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Authors: Patrick Samphire

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BOOK: Secrets of the Dragon Tomb
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“What's going to happen?” Olivia whispered. “Is she going to die?”

Freddie looked serious. “I won't lie to you. The bite of a spider-slug isn't poisonous as such. It merely sends its victims to sleep. The creature wants to keep them unmoving until it's hungry again. It saw Cousin Parthenia as food to save for later. In time, the bite will wear off. But…” He shrugged. “There's nothing we can do to wake her. She won't be able to drink or eat while she's unconscious.” He reached out and took Olivia's hands. “Parthenia is in a great deal of danger. She could die before the bite wears off.”

“Oh.” Olivia's head drooped.

“We mustn't stay here,” Freddie said. “The spider-slug could return again tonight. I doubt we'd see it unless we built a fire, and I'm afraid we can't risk the light.”

“Why not?” Olivia said. “How are we going to signal our rescuers?”

Freddie met my eyes. I sighed.

“We're not going to be rescued,” I said. “Dr. Blood set the crabs on us and crashed the airship. He and his men are looking for us. Sir Titus will have other men on the rescue airships. We have to avoid them.”


“We'll have to find our own way back to civilization,” I said. “And we're going to have to carry Putty with us.”

*   *   *

As the afternoon turned to evening, we rigged up a stretcher for Putty. We gathered planks and spare blankets from the lifeboat, bark from the smaller trees, and vines.

“You haven't told us how you escaped,” I said to Freddie as I deposited the last of the supplies next to the frame of the stretcher. “You were trapped. The lifeboats were all gone.” I couldn't imagine how frightening it must have been to be stranded there in the dark as the crabs closed in. He must have known he was finished. “We saw the airship fall.”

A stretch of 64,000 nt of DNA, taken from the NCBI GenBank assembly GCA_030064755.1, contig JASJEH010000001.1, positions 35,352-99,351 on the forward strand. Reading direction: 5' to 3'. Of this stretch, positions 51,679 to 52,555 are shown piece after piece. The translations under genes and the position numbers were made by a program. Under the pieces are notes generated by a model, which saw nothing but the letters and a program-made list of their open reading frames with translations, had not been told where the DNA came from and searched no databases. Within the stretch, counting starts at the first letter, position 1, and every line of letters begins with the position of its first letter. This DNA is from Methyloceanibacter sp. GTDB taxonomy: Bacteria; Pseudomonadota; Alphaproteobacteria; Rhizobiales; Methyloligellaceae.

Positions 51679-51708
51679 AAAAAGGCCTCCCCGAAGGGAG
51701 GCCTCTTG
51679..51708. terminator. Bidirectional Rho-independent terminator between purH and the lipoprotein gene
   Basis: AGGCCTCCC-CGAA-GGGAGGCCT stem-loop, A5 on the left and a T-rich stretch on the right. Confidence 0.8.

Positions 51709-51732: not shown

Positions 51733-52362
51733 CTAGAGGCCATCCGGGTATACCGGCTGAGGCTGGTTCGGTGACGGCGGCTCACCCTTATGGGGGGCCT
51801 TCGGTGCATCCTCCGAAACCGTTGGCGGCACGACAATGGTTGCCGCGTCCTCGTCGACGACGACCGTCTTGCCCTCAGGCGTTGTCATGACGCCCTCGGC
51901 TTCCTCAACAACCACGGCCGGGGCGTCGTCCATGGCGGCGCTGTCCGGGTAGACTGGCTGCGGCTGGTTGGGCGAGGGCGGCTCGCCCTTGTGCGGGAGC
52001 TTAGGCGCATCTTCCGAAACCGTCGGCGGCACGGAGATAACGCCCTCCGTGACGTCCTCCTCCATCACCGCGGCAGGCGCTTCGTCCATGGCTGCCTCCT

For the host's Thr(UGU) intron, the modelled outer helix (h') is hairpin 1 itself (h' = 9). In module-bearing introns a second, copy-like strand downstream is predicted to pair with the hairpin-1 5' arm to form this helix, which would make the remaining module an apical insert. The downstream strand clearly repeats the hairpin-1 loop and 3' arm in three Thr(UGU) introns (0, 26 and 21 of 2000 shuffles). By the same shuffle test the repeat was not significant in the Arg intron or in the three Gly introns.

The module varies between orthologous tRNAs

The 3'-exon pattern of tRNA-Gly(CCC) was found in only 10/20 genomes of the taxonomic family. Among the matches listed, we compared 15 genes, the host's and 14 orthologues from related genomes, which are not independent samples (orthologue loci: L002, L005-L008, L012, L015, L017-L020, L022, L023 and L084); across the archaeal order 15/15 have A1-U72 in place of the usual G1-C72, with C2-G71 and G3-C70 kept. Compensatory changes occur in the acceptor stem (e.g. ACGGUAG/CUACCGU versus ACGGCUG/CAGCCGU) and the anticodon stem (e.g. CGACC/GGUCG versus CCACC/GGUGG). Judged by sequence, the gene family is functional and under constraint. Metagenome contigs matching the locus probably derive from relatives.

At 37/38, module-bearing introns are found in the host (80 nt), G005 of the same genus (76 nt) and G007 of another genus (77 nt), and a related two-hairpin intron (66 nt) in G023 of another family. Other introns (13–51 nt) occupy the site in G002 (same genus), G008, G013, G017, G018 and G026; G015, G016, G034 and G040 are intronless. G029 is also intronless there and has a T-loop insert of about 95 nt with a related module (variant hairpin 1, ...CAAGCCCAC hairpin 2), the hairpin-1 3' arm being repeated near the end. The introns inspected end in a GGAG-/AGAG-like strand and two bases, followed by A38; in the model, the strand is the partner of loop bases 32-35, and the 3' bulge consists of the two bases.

Freddie selected a strip of bark, flexed it, and started to tie one of the planks to the frame. “I won't deny it. When your lifeboat launched, I thought I was dead. Even if I could have fought off the crabs, I had nowhere go.” He tightened the bark. “Try that.”

I tested the knot. It was neat and firm. “It'll hold,” I said.

“You must have been scared,” Olivia said, leaning toward him and reaching out with one hand that didn't quite touch his arm.

“I didn't have time to be scared. You saw how quickly the gondola fell. All I knew was that I didn't want to die in the wreckage. I jumped off the side. I thought if I was going to die, at least I'd die falling free.” He rubbed his hands on his trousers. “Pass me a blanket, Edward.”

What if I'd been the one up there? I didn't know if I'd have been brave enough to do what he'd done. I passed him the blanket, and he tied it across the planks.

“Thank you.” He looked critically at the stretcher. “This isn't going to be comfortable.” He reached for another blanket.

“What happened?” Olivia said.

Freddie grinned. “Someone told me that a good storyteller always leaves his audience wanting more.”

“A good storyteller is going to get a punch on the nose if he doesn't get on with it,” I muttered.

Freddie laughed. “All right, all right! The moment I jumped from the gondola, I plunged through the flock of pterodactyls that had been following the airship. One of them must have mistaken me for a scrap thrown overboard by the cooks. It tried to snap me up, and I managed to grab its legs.”

“You grabbed a pterodactyl?” I demanded.

He shrugged. “I was desperate. What would you have done? Anyway, I was falling fast, and it was a young pterodactyl. I pretty much knocked it out of the sky.” He grinned again. “Can you imagine how embarrassing it would have been to be found dead in the embrace of a pterodactyl? My poor mama would have expired from the humiliation.”

“Don't joke about it,” Olivia said. She wrapped her arms about her shoulders.

Freddie's grin faded. “Forgive me. This must have been awful for all of you. But don't worry. The pterodactyl was far better at flying than I was. It managed to catch itself, and I ended up dangling from its legs while it flapped along. I started to wonder if I'd ever get down. Pterodactyls can glide for hundreds of miles. Help me with this.”

We held curved branches in place as Freddie lashed them above the stretcher to form the ribs of a canopy to shade Putty from the sun.